Umm Life Story, And A Few Questions About Potential Employers

Topic 27217 | Page 1

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Jay B.'s Comment
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So I'm thinking I want to try flatbed. I've read a TON of diaries and posts on here and YouTube videos and I think I like the idea of working the body more. I grew up in construction until the market crashed on 08. I really wanted to go trucking then but I had a son in 07 and didn't want to miss him growing up. Ended up working at the University at a telescope site on a mountaintop doing everything from ccd instrument work on telescopes to plowing snow with loaders and graders and even doing the maintenance on them. Little bit of everything. They found out I had been building my own computers and working with them since 95 so they asked if I wanted to go back to Tucson and do IT work for them. Sounded like a great job doing something I loved as a hobby but it was not. It was soooo boring lol. My job got defunded with state budget cutbacks so I looked into going OTR then too and found this site, researched, applied, posted here, came close to going to Prime. Real close. But my wife and I had issues and I ended up finding another IT job at the University for a different college within it. That job was better but I still longed for the days before the cubicle. Another job I applied for but never got called back both times I needed it was working out at the copper mines in southern AZ. Well my friend had been out there 10 years and let me know they needed haul truck drivers so I applied. Got accepted and been out there a year and a half. I'm having a blast! But... It's driving in circles going 6mph uphill and I just keep finding myself day dreaming of going OTR. I've always wanted to drive big trucks. Haul trucks and big rigs. My uncle worked at TTT truckstop in Tucson for 40+ years. If you ever had a tire replaced there from the 80s until 2015 or so during the day he probably did it lol. I worked the fuel island in high school. Neighbor had a cabover he owned and used to be around a bit growing up. I remember sitting on the 5th wheel as a kid and ruining my clothes lol. So I've always longed for it in some way.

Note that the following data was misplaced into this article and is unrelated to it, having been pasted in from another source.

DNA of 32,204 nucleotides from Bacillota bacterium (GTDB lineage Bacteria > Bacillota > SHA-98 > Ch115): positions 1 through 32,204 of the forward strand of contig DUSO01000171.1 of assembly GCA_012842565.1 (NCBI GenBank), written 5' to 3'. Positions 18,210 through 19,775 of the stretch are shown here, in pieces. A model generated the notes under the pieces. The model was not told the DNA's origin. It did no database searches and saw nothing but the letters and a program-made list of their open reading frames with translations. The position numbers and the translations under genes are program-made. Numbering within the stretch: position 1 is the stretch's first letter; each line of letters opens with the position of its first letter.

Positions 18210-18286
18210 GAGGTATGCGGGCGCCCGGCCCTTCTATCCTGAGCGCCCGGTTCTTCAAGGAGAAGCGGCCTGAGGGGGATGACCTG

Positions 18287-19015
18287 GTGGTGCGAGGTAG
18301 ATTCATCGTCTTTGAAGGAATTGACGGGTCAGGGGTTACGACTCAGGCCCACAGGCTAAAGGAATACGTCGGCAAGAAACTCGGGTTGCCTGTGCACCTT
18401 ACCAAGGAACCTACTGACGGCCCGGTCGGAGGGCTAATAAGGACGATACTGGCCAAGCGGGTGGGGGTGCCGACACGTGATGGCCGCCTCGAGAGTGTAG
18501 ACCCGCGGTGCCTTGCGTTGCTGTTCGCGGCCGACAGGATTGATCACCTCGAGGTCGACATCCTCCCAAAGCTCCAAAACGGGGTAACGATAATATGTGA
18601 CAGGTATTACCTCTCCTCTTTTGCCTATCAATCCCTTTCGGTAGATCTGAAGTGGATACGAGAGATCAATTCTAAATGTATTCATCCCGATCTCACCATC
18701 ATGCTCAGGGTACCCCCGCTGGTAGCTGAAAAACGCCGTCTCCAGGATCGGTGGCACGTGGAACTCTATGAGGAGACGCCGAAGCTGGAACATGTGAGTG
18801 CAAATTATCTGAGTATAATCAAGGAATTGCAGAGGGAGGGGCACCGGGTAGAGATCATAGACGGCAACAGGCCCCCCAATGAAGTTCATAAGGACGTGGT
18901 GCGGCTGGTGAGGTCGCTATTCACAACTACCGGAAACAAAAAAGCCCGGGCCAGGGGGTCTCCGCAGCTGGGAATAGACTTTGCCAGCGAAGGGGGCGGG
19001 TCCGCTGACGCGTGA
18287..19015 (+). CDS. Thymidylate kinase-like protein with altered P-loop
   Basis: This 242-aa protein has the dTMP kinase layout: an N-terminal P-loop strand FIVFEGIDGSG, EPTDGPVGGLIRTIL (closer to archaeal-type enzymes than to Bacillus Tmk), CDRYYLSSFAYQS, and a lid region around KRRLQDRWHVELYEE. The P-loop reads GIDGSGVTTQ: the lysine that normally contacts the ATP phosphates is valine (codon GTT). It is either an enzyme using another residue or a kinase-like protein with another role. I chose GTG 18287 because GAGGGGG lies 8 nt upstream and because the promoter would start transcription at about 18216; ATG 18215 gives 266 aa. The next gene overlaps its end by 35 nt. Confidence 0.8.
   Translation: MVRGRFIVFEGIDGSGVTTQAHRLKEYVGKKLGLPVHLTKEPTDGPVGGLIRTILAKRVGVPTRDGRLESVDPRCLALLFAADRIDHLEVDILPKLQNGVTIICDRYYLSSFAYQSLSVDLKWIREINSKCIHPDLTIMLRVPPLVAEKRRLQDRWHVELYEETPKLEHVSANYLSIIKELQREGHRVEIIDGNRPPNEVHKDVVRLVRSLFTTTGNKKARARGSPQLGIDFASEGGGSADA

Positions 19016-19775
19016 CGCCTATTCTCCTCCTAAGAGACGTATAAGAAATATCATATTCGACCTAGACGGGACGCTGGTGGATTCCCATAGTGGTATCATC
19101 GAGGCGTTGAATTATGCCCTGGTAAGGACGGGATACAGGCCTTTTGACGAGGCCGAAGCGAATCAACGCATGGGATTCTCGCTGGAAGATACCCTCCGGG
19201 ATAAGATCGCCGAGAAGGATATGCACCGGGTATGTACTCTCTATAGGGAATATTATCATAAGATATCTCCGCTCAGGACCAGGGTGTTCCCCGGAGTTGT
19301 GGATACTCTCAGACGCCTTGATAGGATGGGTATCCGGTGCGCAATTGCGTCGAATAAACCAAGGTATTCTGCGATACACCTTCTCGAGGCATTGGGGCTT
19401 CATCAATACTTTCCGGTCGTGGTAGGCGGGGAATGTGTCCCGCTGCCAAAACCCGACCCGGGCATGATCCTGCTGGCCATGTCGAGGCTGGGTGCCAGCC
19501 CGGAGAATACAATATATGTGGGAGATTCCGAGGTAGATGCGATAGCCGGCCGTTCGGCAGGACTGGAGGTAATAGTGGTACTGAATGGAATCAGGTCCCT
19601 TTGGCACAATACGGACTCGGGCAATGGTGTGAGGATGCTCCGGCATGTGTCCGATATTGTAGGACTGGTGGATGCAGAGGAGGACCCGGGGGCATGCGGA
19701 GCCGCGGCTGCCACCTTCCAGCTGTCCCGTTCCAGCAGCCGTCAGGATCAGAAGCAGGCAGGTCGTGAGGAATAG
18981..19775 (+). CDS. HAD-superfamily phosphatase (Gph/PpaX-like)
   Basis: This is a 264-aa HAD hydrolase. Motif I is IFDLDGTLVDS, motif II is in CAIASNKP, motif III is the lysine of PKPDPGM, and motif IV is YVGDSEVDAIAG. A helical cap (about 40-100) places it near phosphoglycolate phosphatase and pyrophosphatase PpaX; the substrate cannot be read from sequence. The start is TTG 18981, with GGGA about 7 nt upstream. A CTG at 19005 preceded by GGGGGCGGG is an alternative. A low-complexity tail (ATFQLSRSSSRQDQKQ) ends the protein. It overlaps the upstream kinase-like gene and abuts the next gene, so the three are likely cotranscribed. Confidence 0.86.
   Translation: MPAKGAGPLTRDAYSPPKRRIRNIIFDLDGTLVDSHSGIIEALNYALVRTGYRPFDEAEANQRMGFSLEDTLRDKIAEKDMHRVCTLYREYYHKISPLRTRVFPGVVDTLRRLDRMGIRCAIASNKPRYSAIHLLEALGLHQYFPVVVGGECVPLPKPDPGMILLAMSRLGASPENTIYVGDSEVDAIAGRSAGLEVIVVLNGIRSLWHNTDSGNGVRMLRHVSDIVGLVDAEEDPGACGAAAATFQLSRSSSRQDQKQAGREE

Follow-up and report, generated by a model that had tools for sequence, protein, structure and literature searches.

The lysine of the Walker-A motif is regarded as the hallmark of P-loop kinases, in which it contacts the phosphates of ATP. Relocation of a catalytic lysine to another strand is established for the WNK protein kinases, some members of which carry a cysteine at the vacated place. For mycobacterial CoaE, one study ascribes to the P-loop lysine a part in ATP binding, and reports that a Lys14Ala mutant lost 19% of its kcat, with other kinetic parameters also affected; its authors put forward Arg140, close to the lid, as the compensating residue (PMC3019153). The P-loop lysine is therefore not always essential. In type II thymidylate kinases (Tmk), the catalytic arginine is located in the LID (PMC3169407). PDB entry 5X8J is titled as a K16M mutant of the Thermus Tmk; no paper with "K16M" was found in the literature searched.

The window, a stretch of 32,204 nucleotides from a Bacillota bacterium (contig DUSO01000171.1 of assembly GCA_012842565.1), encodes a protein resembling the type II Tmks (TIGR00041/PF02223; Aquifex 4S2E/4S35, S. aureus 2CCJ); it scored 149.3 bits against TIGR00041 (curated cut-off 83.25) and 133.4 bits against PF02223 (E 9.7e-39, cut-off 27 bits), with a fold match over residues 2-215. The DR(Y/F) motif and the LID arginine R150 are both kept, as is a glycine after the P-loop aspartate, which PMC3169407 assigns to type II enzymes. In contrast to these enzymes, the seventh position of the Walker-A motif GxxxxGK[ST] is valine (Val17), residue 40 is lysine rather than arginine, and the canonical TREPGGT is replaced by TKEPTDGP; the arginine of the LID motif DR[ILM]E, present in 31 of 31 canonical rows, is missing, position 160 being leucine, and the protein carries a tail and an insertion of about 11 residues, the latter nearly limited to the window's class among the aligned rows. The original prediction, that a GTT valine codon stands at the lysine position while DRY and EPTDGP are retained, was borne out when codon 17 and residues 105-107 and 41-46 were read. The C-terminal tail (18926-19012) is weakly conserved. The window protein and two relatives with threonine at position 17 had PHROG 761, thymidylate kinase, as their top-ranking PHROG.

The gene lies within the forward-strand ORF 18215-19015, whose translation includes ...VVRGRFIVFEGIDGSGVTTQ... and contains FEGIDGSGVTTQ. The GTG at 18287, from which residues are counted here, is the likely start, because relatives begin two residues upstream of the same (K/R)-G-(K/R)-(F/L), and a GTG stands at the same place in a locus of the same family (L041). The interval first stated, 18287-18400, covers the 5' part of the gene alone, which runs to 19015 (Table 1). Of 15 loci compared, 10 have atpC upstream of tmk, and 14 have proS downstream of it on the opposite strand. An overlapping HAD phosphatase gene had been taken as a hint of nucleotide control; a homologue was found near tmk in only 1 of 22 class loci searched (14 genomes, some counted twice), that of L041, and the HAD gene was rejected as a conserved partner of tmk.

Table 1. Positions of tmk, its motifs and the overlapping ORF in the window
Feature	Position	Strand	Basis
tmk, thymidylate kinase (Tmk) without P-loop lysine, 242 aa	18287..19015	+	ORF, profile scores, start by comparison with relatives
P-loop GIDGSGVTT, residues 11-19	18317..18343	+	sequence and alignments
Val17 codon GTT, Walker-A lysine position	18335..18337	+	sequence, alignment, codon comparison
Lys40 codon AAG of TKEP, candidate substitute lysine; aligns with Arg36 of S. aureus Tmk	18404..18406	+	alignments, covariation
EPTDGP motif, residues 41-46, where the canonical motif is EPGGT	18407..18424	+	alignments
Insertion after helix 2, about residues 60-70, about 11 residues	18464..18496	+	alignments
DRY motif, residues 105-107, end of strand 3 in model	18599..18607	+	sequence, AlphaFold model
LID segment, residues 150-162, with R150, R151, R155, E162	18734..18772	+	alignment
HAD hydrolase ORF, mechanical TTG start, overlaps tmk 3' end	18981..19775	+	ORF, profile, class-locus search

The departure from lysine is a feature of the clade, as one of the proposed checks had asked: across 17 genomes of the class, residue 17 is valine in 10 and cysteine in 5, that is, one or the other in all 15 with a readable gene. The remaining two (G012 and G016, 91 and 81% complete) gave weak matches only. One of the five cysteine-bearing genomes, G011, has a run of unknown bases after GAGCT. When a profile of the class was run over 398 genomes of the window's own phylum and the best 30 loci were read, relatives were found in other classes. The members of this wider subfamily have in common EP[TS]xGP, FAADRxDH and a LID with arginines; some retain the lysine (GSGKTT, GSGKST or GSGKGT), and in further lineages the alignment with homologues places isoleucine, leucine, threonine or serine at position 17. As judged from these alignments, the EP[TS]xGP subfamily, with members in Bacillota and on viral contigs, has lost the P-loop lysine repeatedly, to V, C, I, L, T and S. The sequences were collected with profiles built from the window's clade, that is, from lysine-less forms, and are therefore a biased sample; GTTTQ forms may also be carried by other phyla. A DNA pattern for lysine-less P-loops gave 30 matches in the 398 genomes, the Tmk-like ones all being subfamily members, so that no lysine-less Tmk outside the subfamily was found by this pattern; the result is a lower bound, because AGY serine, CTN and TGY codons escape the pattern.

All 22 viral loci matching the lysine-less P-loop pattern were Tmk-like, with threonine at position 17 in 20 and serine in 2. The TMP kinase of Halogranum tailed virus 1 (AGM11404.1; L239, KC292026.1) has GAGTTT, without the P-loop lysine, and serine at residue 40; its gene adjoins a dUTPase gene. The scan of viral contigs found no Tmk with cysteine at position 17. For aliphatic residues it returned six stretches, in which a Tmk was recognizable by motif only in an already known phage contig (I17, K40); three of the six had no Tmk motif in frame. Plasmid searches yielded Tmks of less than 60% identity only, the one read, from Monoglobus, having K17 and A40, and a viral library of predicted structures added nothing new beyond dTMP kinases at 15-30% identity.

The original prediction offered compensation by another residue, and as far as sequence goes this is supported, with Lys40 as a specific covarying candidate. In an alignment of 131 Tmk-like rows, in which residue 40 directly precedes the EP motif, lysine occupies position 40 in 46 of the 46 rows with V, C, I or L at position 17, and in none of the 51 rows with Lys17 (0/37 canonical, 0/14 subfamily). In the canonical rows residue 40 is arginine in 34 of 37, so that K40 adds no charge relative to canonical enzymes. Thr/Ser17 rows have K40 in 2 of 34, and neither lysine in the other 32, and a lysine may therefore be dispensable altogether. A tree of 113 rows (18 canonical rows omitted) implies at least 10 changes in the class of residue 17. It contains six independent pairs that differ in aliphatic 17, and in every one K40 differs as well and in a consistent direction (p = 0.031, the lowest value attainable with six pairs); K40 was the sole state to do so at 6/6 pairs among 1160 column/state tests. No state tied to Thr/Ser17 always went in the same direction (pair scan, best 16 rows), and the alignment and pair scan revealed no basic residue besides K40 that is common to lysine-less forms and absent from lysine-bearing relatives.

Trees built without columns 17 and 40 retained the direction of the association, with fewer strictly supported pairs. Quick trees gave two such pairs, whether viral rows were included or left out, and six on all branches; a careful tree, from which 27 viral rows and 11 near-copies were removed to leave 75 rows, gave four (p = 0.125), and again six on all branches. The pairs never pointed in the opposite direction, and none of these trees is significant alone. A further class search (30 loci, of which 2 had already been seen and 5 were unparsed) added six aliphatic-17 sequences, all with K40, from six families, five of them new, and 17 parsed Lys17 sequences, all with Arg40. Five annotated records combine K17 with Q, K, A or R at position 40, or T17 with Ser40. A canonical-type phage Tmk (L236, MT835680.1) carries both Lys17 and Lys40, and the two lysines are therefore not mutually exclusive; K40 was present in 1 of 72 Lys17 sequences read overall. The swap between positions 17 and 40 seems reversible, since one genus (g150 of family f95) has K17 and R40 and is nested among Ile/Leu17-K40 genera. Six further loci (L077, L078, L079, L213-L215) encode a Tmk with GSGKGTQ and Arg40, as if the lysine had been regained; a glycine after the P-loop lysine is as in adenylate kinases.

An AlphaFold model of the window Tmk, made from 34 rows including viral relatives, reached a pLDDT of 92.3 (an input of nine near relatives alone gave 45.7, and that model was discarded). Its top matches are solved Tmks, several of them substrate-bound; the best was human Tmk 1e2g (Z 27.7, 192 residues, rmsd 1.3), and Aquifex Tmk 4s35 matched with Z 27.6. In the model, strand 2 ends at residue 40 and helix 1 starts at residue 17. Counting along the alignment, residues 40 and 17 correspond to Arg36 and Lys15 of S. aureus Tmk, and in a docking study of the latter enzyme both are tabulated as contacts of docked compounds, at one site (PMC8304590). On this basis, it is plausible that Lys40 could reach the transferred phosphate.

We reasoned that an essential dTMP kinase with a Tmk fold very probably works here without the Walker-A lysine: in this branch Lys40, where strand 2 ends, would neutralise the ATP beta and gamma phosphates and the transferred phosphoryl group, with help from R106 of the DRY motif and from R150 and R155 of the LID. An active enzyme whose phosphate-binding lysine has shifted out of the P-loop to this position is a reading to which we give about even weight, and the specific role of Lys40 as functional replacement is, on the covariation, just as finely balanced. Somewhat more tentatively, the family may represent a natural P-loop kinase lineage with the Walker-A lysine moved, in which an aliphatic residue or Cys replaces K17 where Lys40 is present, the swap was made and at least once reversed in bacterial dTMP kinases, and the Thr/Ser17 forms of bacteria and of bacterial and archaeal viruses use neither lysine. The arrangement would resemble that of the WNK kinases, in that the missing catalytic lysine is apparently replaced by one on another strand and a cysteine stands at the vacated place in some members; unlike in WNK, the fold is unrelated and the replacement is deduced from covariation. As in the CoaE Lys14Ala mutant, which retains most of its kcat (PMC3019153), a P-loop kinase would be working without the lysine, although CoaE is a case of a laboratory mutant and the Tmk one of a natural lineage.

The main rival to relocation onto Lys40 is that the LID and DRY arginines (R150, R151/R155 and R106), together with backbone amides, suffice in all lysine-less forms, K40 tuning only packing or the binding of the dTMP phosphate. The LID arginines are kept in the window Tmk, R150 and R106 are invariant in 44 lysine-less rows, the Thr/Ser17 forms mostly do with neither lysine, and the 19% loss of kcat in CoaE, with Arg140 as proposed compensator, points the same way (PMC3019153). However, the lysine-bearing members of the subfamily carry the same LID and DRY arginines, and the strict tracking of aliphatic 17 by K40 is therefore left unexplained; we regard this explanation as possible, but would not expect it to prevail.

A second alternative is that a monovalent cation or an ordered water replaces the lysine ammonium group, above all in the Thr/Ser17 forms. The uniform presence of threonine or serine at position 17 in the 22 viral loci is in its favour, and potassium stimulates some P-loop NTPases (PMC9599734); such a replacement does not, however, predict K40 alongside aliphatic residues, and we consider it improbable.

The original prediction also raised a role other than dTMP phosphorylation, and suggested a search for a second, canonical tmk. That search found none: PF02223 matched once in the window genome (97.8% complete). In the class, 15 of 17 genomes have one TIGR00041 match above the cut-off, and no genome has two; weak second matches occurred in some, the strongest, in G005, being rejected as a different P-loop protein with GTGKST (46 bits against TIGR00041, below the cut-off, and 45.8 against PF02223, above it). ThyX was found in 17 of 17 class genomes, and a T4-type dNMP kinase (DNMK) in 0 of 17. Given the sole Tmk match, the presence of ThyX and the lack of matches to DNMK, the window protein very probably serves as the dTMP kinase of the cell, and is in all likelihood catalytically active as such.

Wow, that got off on a tangent, guess its history and questions lol.

So I researched in 14 or 15 a lot, when I registered here. I was pretty set on Prime and just thinking reefer and reading Daniels diary entry following along wishing I was there lol.

These days I keep finding myself leaning towards flatbed. Some exercise, I like the sound of the deliveries, I like a challenge too. Also always enjoyed packing, stacking, securing loads, etc. In regular trucks and trailers, etc but the idea heh.

Geezus I can't shut up. On to the questions:

I'm leaning towards Roehl or Prime. Swift or Knight maybe, would be easier to get to school for sure being in Phoenix lol. I've read wine taster and several other Roehl diaries and lots of prime but not many prime flatbed. I kinda like the Roehl training, paid from day 1 and shorter but the starting pay is less when solo. One main question I have is about insurance. I got a family, prime lists $200-320 per week for family coverage? Is that what I'm reading right? Is it really good insurance? Right now we just got our premiums raised to $260/month and everyone was freaking out at the mine lol. But we also pay high copay and $2000 deductible so I think its a wash in the end. I don't think I've seen a quote from Roehl, can anyone that works there share? Especially if you are paying for a family. Since you don't get paid until TNT in Prime is that when medical insurance is available?